Friday, November 25, 2005

The Bitter Irony of Decision Making

The Pan-American Exposition of 1900 produced two events of lasting significance. First, came the assassination of a president. On September 6, following a speech at the Temple of Music, President William McKinley was shot twice by anarchist Leon Czolgosz. The president was carried to a house across the street. The doctors could not determine the location of bullets lodged in the president’s body, and without that knowledge they refused to operate. The bullets remained, the wounds became septic and McKinley died 10 days later from the infection.

The other event of note occurred right next door, in the Pavilion of Science. It was the demonstration of the first working x-ray machine. In her memoirs, Ida McKinley wrote not of the death of a president, but of the loss of a husband and father. She noted the bitter irony that technology that could have provided the information to save her husband’s life sat 200 feet away, but was never used.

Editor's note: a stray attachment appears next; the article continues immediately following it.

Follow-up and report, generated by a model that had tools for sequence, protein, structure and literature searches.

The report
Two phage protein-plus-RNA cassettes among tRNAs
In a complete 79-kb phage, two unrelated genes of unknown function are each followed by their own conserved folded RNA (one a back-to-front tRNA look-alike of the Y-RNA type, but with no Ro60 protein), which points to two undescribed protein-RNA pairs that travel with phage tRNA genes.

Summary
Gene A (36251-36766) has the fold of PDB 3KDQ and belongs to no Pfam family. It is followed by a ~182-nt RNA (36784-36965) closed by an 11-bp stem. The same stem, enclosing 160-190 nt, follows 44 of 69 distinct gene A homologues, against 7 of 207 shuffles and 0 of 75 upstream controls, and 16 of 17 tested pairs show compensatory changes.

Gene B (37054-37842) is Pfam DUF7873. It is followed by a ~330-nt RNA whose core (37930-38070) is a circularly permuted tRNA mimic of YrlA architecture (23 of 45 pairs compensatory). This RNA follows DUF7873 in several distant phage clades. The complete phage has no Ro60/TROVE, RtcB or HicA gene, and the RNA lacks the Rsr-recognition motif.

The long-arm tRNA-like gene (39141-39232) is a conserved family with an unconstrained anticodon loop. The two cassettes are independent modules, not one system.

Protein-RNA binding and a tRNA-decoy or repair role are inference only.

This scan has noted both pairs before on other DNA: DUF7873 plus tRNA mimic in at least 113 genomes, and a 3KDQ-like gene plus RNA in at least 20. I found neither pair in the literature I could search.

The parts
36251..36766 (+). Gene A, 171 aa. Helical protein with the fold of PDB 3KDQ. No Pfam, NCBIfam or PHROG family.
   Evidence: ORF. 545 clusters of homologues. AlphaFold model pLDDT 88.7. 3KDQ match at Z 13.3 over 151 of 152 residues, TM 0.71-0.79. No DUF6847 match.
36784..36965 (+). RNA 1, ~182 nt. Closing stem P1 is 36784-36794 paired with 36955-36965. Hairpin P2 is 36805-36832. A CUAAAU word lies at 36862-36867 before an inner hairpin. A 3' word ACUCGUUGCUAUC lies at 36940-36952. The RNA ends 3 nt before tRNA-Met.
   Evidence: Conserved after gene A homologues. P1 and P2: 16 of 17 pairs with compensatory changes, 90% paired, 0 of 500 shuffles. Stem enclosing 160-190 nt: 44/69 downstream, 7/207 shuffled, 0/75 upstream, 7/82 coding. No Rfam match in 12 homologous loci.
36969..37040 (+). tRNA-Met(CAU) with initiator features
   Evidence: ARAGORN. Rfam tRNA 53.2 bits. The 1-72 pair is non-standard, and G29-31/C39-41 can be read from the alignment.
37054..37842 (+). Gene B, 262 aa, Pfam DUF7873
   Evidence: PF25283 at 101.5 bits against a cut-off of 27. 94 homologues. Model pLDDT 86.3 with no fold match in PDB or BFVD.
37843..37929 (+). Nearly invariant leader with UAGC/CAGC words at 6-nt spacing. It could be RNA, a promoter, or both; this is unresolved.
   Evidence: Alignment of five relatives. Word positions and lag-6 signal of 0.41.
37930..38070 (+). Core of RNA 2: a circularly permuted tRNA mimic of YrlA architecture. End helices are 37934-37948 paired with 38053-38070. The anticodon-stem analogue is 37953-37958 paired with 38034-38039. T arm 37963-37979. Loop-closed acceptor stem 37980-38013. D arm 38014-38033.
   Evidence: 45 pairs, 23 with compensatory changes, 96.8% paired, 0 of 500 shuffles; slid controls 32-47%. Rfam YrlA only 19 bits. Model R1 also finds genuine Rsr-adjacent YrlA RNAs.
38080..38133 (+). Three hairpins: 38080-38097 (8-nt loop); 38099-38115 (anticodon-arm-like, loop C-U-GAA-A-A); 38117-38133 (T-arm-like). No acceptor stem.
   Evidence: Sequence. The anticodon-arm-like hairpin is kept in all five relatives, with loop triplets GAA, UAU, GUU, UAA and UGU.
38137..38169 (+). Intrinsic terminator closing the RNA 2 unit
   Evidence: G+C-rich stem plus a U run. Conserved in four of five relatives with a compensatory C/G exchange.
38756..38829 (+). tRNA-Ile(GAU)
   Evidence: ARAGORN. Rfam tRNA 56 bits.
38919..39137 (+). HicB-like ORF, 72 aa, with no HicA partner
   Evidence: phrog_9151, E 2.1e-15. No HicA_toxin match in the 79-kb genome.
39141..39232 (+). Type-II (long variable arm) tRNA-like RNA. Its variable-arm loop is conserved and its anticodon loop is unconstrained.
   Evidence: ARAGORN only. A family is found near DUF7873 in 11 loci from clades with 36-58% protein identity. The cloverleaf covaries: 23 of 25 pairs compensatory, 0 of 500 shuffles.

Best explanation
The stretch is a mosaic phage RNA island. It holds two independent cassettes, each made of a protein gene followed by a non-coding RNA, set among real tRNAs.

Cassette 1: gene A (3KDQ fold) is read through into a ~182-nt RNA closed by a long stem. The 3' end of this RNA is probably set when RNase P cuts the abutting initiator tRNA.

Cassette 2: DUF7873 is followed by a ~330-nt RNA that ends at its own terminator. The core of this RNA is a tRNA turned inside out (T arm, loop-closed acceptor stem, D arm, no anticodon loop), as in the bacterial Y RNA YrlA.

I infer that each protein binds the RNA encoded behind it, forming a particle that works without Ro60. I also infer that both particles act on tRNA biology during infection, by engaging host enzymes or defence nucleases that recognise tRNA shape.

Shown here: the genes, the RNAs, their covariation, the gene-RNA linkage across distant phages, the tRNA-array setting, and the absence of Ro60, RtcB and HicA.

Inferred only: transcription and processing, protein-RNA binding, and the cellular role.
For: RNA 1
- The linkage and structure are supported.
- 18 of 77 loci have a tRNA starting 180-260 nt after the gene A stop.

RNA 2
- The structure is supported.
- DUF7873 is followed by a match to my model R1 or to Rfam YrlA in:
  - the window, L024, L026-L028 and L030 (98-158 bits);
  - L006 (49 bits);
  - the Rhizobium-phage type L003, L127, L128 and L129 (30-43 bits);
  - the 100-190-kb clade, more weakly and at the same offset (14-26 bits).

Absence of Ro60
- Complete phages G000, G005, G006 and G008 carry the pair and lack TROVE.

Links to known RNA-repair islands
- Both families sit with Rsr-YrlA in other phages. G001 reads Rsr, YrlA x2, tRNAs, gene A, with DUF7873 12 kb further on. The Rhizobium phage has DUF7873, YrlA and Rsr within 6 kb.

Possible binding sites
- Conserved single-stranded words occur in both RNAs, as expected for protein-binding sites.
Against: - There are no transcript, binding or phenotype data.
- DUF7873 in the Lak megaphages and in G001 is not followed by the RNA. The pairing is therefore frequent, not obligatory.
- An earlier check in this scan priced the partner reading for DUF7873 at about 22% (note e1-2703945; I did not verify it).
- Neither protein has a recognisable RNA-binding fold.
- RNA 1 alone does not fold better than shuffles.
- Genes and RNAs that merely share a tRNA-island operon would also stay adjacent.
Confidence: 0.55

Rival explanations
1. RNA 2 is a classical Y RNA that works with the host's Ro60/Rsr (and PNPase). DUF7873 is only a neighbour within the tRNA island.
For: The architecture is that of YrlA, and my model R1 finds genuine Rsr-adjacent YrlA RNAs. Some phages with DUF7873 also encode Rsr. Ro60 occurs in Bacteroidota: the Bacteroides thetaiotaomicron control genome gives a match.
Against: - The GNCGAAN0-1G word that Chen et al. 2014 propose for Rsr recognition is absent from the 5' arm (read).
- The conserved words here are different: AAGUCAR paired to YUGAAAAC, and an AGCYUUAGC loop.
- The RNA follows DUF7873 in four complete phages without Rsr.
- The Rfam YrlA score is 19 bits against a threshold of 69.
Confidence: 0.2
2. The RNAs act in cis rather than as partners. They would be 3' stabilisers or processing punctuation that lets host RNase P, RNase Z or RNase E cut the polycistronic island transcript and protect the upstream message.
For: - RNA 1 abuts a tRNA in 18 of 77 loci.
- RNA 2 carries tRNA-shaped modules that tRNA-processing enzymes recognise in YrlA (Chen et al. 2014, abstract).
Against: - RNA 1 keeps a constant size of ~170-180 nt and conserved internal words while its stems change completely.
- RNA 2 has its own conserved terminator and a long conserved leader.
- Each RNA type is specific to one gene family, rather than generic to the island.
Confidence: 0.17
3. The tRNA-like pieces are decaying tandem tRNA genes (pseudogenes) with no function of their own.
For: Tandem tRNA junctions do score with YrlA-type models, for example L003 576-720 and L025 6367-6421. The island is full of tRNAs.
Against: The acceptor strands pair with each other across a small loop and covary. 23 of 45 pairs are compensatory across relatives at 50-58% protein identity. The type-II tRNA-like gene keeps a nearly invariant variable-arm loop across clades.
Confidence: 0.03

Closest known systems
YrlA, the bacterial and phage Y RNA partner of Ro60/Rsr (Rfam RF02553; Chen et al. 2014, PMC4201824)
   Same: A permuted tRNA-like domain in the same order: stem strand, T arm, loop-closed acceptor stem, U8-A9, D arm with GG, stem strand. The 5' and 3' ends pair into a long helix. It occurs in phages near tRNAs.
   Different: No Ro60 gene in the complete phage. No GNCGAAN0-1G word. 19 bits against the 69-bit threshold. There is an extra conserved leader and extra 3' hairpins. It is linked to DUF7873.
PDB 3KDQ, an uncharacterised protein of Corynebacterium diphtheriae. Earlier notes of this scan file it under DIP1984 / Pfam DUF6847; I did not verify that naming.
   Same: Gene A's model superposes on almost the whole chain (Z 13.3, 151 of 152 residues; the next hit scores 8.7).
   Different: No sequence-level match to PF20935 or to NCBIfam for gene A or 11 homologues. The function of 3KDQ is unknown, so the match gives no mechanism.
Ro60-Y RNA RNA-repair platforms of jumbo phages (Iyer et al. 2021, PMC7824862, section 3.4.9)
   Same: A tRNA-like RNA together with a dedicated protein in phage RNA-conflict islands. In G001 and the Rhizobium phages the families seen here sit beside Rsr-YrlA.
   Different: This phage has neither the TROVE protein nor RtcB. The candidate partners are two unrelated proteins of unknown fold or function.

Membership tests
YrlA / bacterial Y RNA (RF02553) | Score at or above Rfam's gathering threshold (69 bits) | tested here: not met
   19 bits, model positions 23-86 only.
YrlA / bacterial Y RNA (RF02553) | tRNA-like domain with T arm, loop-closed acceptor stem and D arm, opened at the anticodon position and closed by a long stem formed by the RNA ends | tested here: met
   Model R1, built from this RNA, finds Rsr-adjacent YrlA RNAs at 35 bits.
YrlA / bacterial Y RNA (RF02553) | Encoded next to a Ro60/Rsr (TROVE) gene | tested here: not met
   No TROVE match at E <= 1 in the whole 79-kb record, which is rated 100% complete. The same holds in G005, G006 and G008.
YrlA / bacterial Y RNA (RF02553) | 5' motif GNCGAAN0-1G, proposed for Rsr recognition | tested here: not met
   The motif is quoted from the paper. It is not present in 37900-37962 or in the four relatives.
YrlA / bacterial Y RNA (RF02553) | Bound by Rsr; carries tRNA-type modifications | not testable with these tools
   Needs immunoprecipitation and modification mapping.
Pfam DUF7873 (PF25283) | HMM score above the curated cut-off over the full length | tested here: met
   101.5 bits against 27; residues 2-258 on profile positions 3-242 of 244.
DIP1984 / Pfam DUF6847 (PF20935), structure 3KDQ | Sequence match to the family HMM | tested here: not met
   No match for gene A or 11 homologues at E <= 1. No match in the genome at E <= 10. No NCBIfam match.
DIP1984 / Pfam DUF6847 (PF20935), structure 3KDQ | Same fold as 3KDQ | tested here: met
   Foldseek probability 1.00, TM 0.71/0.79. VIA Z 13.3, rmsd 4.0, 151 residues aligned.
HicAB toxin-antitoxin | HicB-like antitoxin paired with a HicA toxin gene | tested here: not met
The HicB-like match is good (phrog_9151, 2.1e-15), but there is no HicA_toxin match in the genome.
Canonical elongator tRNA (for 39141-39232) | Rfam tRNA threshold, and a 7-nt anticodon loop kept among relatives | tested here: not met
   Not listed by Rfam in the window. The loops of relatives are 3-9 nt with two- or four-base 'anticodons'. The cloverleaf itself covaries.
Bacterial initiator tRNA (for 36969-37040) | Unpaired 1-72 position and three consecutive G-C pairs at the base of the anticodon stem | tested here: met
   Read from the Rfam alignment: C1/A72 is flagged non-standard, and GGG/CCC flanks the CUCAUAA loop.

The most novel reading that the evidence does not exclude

Our use of knowledge to impact decisions is a similar bitter irony. No other industry has spent more to gather customer information. We have built impressive data warehouses. Yet, we still have not mastered using this data to make better management decisions. Marketing is complex with its proliferation of products and channels that change seemingly overnight. When we act without good information, the result is usually wrong.

Is there an x-ray machine sitting nearby as you elevate best practices for leveraging technology?

Getting information systems right is hard work. There are no silver bullets, but there are processes and technologies that are making the task easier.

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